Virginia’s real coming of age takes place through a shocking family event that rocks her world. Rather than watching it ruin her, the reader gets to see a journey toward self-actualization that is truly beautiful. I can’t say I was on the same page as Virginia the whole time – along with finding her voice and being able to stand up for herself she adopts somewhat of a silver tongue, for example – but I think that contributes to the realness of the novel. Teenagers are like that, and even the “nice girl” can’t always be super gracious.  The Earth, My Butt, and Other Big Round Things is a genuine portrait of teenaged girl-dom, and I really really liked it.

Not Suitable for Family Viewing, Vicki Grant

HarperTrophyCanada, 2009, 289 pages (soft cover)

I’d never heard of this book or its author, but it’s one of those random library picks that turned out to be an entertaining surprise. Not to mention it’s Canadian, and it made me LOL. I really love books that  literally make me laugh out loud.

Before I get to the meat and potatoes here, can we pause for a moment to communally groan at this cover? As a result I was forced to find creative ways to hold my book while reading on the bus….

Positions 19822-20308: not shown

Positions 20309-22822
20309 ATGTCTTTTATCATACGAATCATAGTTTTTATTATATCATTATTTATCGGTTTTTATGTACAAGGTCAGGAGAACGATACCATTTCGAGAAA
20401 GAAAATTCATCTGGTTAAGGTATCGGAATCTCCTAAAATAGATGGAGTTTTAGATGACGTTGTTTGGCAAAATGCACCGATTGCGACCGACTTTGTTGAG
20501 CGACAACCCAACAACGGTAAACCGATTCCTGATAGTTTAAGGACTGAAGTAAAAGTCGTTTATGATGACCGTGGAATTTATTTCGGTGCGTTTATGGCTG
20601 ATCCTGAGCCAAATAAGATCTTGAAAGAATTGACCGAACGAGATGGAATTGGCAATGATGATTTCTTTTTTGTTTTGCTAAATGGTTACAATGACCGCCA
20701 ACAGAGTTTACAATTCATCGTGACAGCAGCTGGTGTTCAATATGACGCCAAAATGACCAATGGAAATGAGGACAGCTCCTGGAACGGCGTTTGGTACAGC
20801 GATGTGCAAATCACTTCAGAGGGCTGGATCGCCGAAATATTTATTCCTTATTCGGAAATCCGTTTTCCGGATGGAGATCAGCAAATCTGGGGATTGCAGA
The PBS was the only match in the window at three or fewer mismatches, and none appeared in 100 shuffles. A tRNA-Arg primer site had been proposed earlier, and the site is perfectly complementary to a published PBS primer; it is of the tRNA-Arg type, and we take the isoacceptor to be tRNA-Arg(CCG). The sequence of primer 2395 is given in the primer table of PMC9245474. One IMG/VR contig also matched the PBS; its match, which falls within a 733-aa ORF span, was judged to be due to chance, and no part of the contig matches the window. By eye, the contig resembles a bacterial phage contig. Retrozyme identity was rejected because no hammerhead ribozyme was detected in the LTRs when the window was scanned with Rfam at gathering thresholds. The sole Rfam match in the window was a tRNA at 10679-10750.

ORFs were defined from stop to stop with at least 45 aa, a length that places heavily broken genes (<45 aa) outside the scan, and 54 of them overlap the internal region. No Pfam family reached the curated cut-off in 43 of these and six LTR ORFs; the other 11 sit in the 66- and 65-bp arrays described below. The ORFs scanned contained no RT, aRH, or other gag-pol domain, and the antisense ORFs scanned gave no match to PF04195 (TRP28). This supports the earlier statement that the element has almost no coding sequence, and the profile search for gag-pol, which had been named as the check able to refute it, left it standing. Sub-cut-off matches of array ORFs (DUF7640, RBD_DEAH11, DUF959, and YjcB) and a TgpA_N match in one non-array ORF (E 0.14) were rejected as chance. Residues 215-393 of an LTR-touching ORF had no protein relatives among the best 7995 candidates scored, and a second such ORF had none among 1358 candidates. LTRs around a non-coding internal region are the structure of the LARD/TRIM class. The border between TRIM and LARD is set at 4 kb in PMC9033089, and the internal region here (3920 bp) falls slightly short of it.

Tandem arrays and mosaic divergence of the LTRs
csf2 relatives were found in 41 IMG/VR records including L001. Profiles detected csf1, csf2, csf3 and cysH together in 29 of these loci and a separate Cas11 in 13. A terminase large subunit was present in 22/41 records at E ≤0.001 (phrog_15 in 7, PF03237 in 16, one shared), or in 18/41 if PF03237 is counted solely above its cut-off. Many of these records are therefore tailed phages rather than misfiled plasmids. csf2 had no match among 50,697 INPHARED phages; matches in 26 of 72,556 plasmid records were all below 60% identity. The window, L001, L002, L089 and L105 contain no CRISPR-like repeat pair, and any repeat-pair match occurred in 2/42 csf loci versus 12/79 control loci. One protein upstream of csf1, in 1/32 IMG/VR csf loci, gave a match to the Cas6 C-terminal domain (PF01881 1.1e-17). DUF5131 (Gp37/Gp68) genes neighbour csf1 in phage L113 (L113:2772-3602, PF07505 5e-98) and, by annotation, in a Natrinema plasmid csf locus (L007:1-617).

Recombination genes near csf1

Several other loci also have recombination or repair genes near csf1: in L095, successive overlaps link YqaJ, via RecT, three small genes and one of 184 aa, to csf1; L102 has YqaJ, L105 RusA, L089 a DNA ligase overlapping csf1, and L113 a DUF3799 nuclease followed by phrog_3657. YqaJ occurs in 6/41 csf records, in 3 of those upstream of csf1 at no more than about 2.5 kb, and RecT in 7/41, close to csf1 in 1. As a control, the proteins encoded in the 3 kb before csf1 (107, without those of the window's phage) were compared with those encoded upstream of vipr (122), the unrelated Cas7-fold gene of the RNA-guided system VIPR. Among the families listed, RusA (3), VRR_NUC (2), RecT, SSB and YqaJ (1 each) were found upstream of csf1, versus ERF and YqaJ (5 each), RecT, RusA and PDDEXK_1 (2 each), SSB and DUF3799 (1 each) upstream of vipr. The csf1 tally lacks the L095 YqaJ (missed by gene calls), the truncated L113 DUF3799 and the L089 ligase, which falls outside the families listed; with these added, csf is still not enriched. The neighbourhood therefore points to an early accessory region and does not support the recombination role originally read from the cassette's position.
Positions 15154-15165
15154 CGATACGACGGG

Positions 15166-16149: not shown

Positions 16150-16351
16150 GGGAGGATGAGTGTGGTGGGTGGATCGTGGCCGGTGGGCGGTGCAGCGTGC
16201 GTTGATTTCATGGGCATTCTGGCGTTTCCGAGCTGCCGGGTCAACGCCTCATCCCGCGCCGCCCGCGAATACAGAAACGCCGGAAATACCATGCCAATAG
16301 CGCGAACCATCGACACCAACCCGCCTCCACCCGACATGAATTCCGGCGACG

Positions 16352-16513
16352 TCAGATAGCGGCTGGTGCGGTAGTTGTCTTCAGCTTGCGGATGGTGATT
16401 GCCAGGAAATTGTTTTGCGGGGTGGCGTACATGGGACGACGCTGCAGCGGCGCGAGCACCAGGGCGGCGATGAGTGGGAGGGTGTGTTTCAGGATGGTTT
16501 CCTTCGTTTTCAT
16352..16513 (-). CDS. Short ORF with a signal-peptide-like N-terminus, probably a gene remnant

That’s not really where the groans stopped for this book, either. The first-person present-tense story is told from the perspective of Robin, the oft-forgotten daughter of Oprah-like TV mega-personality, Mimi Schwartz. (Want to know the name of Mimi’s show? You, You, and Mimi. Groan.) In the shadow of her famous mother, Robin feels like a neglected, fat slob with no motivation to do anything. Then one day she finds a little clue to her mother’s pre-fame days, which is just intriguing enough for Robin to take off for a tiny po-dunk village to do some detective work. This is both where the real eye-rolling as well as nail biting started for me. Along her way Robin meets a guy, who slowly but surely (somehow) becomes a love interest [spoiler alert! highlight to read!] even after she punches him in the face upon their first meeting, and later proceeds to scream – yes, literally scream – every time she sees him thereafter. Obviously this leads to his finding her very quirky, funny, and sexy- sexy. Teeny-bopper romance aside – and I had to gag my way through plenty of that – there’s actually a pretty twisty mystery hidden in these pages. I didn’t realize how much red herring is strategically placed throughout the book, until I’d finished it and had it on my mind the next couple days. Coming off of Paper Townsthis one had a lot more to offer in terms of difficulty actually cracking the case.